Their lives are in your hands – what will you do?

A mother wolf was killed by parks officials in Banff National Park this week, after being taught that people and campgrounds were an ideal place to find an easy snack. She was taught this by visitors to the park intentionally or unintentionally fed her, and the rewarding behaviour was potentially being passed on to the rest of her pack.

Global News may have reported this as an animal being “euthanized” out of necessity, but we know the truth: a mother was killed because of the actions of irresponsible people.

And sadly, this isn’t new. The same week that this mother was killed, the CBC reported on a “wolf warning” in the Pacific Rim National Park Reserve. Increased reports of wolves approaching campsites and people prompted the warning, and unless something changes, it is likely that these wolves may face the same fate as the mother in Banff.

At the root of these incidents, and many others involving many other species, are irresponsible actions on the part of people. By not following basic camp or wilderness safety and precautions involving food, and in some instances intentionally providing food or attractants to gain a close-up interaction with wildlife, non-human animals are being taught that human areas are a place to get food. And regardless of how an individual may feel about wildlife, other people may be afraid, may not know how to react, and could even injure themselves or the approaching animal.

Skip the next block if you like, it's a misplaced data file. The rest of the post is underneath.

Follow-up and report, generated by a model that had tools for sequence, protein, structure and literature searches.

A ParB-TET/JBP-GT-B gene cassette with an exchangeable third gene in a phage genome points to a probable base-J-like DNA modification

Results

A great deal of re-education is required to teach park visitors – including foreign tourists and locals – how to act responsibly outdoors, particularly regarding food safety. But it’s also up to us, as responsible visitors, to call out those we see not acting, and to push local authorities to investigate and enforce available by-laws or regulations.

Too often, we find that the lives of wild animals are in our hands. The question we must always ask ourselves is: what will we do to protect them?

Photo of female wolf in Banff National Park by

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